The final component of our strategy was delivery at 32 weeks' gestation following the administration of steroids, as the risks of continuing the pregnancy were then considered to outweigh those of preterm delivery. Although some case series suggest that IUD is uncommon after 30–32 weeks' gestation8, 24, 25, meta-analysis of 133 recent cases reported a substantial perinatal loss rate (10.2%) in pregnancies continuing beyond 32 weeks2. Moreover, recent data from our group have shown a 1 in 23 prospective risk of unexpected death in uncomplicated monochorionic twins even with diamnionicity26. Complicated MCDA twin pregnancies, such as those with twin-to-twin transfusion syndrome or abnormal umbilical artery Doppler scan, are already delivered in many centers at 32 weeks' gestation. At this stage neonatal survival is now comparable to that at term27, 28. Minor neonatal morbidity is still likely at 32 weeks, but the chance of major respiratory and neurological problems is reduced substantially by administration of antenatal steroids26. At 32 weeks' gestation the majority of pregnancies have mature lecithin/sphingomyelin ratios following prophylactic corticosteroids29, 30, and in our institution neonatal survival at 32 weeks is similar to that at term. The incidence of RDS at 32 weeks' gestation has been estimated to be 5% with surfactant use31 and mortality to be less than 1% for non-anomalous fetuses32. In keeping with this, there were no neonatal deaths in our study group, and only a minority developed RDS. We accept that elective delivery of all MA twins at 32 weeks' gestation carries an attendant neonatal morbidity, but this is outweighed by the 10% prenatal loss rate if the pregnancy is allowed to continue.

All deliveries were by Cesarean section. Notwithstanding some reports suggesting that vaginal delivery may be safe, we, like most centers, deliver all women with MA twins by Cesarean section because of the possibility of obstetric accidents (cord constriction/tightening during labor, cord prolapse for Twin 2 when Twin 1 is already delivered). This risk is emphasized by our data suggesting that cord entanglement is almost ubiquitous in MA twins.

In terms of potential adverse drug effects, maternal complications were minimal. Two women complained of gastrointestinal symptoms, which resolved following a reduction in dose, and did not recur on resumption of the standard dose. Another developed obstetric cholestasis, a complication seen at higher frequency in multiple pregnancies. Both were considered unlikely to be related to the use of sulindac. In terms of potential fetal side-effects, we found no significant constriction of the fetal ductus arteriosus on monthly clinical checks. More recently our group has reported that sulindac leads to a 27% fall in ductus arteriosus pulsatility index between 28 and 32 weeks' gestation within 48 h of starting the therapy, and that this resulted in ductal constriction in around half the cases, but it was always transient and reversible21. Cessation of therapy by 32 weeks' gestation may be important in this regard. In terms of potential neonatal drug effects, one baby in the treated group had mild persistent pulmonary hypertension and another had gastric perforation, both recognised fetal complications of non-steroidal anti-inflammatory drugs in pregnancy33, 34. However, both are also recognized complications of prematurity, and in addition have been associated with the use of antenatal steroids for fetal lung maturity as well as postnatal steroids35, 36. As all our pregnancies received antenatal steroids prior to delivery, it is not possible to determine whether these complications were due to sulindac, steroids, or prematurity, either alone or in combination.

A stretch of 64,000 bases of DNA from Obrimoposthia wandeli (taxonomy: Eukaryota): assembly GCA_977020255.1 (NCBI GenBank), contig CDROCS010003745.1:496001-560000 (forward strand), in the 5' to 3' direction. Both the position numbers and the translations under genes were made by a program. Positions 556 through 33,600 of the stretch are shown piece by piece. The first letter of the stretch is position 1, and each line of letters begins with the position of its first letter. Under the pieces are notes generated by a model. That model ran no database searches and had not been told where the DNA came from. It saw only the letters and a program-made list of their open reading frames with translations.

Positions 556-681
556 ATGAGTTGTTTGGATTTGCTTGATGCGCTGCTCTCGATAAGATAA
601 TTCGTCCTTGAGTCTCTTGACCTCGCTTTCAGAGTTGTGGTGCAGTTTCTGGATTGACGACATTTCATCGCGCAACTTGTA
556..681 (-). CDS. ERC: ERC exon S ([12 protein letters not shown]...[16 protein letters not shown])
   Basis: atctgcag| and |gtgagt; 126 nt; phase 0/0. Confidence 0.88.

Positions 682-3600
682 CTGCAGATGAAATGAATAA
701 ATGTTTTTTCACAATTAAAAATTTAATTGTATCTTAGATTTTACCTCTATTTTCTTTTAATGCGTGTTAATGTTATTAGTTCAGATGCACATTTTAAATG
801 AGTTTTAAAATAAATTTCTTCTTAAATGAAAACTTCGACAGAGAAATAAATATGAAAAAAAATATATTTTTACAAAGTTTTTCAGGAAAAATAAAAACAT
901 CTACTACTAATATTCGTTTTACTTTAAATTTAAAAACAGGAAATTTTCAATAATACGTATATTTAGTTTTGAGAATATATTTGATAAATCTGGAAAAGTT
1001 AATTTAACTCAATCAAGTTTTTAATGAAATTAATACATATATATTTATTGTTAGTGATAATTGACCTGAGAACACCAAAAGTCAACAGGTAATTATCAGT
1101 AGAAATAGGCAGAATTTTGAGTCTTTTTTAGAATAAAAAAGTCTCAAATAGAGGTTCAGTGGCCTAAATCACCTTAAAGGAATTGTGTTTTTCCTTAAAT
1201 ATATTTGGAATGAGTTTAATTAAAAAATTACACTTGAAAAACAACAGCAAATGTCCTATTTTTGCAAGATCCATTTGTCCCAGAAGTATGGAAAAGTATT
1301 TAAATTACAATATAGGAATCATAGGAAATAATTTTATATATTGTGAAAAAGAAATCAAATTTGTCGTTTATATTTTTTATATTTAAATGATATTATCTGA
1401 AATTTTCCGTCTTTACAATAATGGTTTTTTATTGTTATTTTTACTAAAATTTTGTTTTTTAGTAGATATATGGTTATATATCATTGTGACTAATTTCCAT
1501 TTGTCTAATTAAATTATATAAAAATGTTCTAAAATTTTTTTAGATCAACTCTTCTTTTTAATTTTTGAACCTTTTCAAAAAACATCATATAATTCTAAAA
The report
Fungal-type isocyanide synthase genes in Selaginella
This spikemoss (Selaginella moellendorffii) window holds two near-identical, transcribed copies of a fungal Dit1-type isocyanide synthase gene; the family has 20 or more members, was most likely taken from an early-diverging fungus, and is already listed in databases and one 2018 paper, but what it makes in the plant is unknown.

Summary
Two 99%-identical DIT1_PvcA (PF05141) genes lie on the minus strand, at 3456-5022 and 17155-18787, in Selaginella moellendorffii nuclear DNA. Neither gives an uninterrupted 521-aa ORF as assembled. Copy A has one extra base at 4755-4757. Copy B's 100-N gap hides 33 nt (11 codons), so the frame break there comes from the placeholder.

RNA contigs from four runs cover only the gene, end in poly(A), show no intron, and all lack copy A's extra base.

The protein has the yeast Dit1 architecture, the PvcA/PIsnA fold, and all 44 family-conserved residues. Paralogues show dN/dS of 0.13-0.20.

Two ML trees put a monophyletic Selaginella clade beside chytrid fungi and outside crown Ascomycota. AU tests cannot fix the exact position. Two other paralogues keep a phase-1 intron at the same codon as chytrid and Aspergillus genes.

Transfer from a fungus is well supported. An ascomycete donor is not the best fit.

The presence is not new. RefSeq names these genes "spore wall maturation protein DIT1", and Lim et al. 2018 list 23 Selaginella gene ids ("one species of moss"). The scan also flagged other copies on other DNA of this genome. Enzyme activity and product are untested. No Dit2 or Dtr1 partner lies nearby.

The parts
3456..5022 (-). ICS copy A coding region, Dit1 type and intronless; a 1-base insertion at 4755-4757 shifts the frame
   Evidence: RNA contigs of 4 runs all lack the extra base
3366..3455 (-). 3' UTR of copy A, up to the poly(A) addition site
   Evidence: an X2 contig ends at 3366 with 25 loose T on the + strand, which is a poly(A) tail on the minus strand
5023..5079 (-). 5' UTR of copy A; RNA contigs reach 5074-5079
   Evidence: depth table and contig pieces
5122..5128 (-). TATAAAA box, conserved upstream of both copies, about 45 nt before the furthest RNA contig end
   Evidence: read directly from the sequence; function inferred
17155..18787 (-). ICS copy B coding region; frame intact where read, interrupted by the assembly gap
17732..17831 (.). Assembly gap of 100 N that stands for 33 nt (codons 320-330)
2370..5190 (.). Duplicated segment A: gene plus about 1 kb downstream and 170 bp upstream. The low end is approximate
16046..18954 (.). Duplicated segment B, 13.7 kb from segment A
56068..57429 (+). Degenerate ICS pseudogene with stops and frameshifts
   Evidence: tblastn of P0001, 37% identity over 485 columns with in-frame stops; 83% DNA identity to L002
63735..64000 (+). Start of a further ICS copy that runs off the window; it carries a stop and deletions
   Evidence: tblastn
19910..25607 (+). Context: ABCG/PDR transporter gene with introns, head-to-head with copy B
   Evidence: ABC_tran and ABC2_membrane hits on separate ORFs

In conclusion, our audit data suggest that cord entanglement does not appear to be preventable, as it usually occurs early in pregnancy. Sulindac therapy reduces AFI by over 40%, and is associated with more stable fetal lie and thus a probable reduction in the risk of tightening and occluding cords that are already entangled. Overall the high perinatal survival in our series of 20 MA pregnancies indicates that a regime of sulindac after 20 weeks' gestation, close ultrasound surveillance and elective abdominal delivery at 32 weeks' gestation following antenatal steroids seems promising, with relatively few maternal or fetal adverse effects and considerable cost savings compared with prolonged hospital admission for CTG monitoring. A randomized controlled trial would establish definitively whether sulindac therapy, intensive ultrasound surveillance and delivery at 32 weeks' gestation improves perinatal survival over conservative management, although testing any individual component like prophylactic sulindac would be logistically challenging even if carried out on a multicenter basis, owing to the rarity of MA twins.

Acknowledgements

  1. Top of page
  2. Abstract
  3. INTRODUCTION
  4. METHODS
  5. RESULTS
  6. DISCUSSION
  7. Acknowledgements
  8. References

We acknowledge long-term support from the Richard and Jack Wiseman Trust and the Institute of Obstetrics & Gynaecology Trust, and equipment support from the John Ellerman Foundation and Children's Nationwide Medical Research Foundation.

References

  1. Top of page
  2. Abstract
  3. INTRODUCTION
  4. METHODS
  5. RESULTS
  6. DISCUSSION
  7. Acknowledgements
  8. References